Saturday, April 3, 2010

Race In America

 I stopped judging Barack Hussein Obama as an African-American around the time he won the Iowa caucus in January 2008. To me, I could care less about the color of one's skin or his religion. It's what's in his heart and head that is important.

Of course, as a journalist who is in the profession of assessing labels for the sake of simplicity and laziness, I refer to Obama's African heritage only as a milestone in U.S. politics where no black man has trekked before as President Of The United States.

When Obama signs the new health reform legislation into law, I don't see a black man. I see my president.

Race in America is a curious and oftentimes volatile experience. My son identifies himself as white even though his mother and wife are of Mexican ancestry.

The U.S. Constitution reminds us every 10 years what ethnic origins we come from in the form of filling out the official census. The 10 questions seem to be fixated on our racial heritage.

Barack Obama on his census form we are told checked the box stating African-American.even though we all know his mother was as white as the snow that falls in Kansas. I couldn't hep reflect when the news media last breathlessly reported what a president reported on a census form.

As noted by

For Obama, whose mother Ann Dunham, a white woman from Kansas, married his father, Kenyan native Barack Obama Sr., the question of his racial identity has been a lifelong struggle. His first memoir, "Dreams From My Father," is an account of a difficult journey of discovery.

I am confident as certain as the sun will set in the West that someone will read these accounts of Obama's census disclosure a political trick to smooch up with his black constituents which the last time I checked was about 90% favorable.

As the report also noted:

"The first black president!" exclaimed (black) comedian Wanda Sykes at a dinner last year of the White House Correspondents' Association.
"I'm proud to be able to say that. That's unless you screw up. And then it's going to be, 'What's up with the half-white guy?'" 

It doesn't surprise me that Jews and blacks are the best self-deprecating satirists America has to offer considering their historic struggles for equality and acceptance in our society.

I often wish others would be so forgiving and crack a nonracial joke occasionally.

One looks at the polls and wonders what's going on. The birthers refuse to believe Obama was born in Hawaii. A frightening number think he is a) the anitchrist, b) a Nazi, c) a socialist, d) a Muslim, e) hates white people, f) unAmerican, g) an apologist and h) all of the above.

The bigotry knows no end. I read some time back there are those who fear Obama wants to send reparation checks to all blacks who can trace their ancestry in our nation to pre-Civil War slavery.

America is a melting pot where language becomes the common bond and ethnic prejudices and actions taken by their fathers, grandparents and great grandparents are touted or conveniently forgotten.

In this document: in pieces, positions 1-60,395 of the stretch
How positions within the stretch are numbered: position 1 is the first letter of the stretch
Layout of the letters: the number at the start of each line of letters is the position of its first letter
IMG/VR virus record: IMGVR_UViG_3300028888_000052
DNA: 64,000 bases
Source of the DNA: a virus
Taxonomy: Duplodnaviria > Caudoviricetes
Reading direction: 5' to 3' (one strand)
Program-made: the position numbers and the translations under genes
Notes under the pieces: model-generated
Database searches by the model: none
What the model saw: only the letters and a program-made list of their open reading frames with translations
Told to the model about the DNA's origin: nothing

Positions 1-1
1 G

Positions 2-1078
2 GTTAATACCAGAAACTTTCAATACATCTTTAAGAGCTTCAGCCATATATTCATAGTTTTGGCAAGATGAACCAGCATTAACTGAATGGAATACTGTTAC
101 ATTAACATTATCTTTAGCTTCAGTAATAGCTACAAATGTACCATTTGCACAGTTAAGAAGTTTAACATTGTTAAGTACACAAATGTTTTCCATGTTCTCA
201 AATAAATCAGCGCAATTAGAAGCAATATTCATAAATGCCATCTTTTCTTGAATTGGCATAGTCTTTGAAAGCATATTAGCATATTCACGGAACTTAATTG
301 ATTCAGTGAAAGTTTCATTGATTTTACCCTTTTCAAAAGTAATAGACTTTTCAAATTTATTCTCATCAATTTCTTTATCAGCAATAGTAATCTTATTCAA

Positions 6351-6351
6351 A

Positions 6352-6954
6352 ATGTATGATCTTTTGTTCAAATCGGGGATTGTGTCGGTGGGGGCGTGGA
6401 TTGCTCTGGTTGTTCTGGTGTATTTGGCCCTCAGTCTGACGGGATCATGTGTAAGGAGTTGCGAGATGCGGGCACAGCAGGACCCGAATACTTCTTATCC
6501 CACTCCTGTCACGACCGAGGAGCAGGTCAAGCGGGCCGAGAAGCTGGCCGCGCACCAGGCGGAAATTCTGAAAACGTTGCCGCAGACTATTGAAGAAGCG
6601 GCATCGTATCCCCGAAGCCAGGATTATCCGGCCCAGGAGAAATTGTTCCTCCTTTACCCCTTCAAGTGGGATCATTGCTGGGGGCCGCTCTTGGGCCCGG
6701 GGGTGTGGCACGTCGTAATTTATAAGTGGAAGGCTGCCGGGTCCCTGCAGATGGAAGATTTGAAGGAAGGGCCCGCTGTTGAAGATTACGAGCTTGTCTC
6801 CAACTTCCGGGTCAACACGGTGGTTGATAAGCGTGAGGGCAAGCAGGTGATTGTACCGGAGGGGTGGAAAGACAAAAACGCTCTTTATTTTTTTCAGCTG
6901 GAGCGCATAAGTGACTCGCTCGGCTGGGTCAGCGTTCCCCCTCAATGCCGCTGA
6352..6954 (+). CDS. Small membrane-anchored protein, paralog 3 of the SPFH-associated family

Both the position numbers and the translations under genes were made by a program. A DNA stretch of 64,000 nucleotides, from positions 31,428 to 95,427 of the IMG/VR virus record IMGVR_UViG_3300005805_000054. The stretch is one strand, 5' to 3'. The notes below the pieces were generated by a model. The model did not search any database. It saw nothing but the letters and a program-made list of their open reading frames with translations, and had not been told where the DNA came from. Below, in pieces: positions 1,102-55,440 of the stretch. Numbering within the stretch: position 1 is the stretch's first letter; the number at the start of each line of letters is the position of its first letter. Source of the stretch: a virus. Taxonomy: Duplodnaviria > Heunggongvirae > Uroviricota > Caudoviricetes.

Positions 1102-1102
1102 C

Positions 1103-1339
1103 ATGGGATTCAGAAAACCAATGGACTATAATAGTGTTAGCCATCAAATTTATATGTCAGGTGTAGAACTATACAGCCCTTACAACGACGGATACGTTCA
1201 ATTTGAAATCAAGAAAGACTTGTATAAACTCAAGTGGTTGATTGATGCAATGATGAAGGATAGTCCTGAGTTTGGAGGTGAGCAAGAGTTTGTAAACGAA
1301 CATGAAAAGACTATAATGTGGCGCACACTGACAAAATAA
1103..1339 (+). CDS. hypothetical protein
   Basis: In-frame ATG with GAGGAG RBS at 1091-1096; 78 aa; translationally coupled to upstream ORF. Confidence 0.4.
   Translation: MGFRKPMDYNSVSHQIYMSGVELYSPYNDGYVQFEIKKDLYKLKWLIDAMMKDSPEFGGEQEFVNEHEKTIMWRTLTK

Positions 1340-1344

My mother was born and raised in Tennessee in 1903 and until the day she died in 1983 bit her tongue from calling  blacks "darkies." She refused to discuss family rumors that one of her Ellsworth clan was a carpetbagger following the Civil War.

I am an internal optimist and am warmed to read some social/political polls that hint our newer generations are more racially tolerant than their forefathers.

That's a healthy signal glancing towards the future.

I hope the guilt-ridden politicians who launched racial hiring and enrollment quotas and affirmative action programs will put such practices into the trash heap. As subjective as hiring and promotions can be, the system most fairly is based on merit. I lean towards the Darwinian side of the scales.

For every two steps we as a nation take forward, some white guy will force it back a step when a black, woman, Mexican, Muslim, Asian or anyone who doesn't share his color or religious beliefs succeeds where he fails.

Racial and religious intolerance will come to a slow stop when people learn to laugh at their own foibles and not exclusively at others.

Why the census questions ask our ethnic heritage and not, at least in the short form, our occupations and other pertinent data such as income or religious preference or means of recreation boggles my mind. At least it no longer asks us how many slaves we own.

I understand that in today's advanced technological environment there is a feeling Big Brother as in the book "1984" is looking over our shoulders. Admittedly, it is a frightful experience even seen only as an invasion of privacy.

What I don't understand is the conspiracy theory espoused by Republican Rep. Michele Bachmann that filling out the census form would send children to "indoctrination" camps.

Is America a great country, or what?

Readers comments are welcome as long as they remain civil. We reserve the right to delete any comments that are vulgar, libelous and totally irrelevant to this posting. -- Jer

No comments: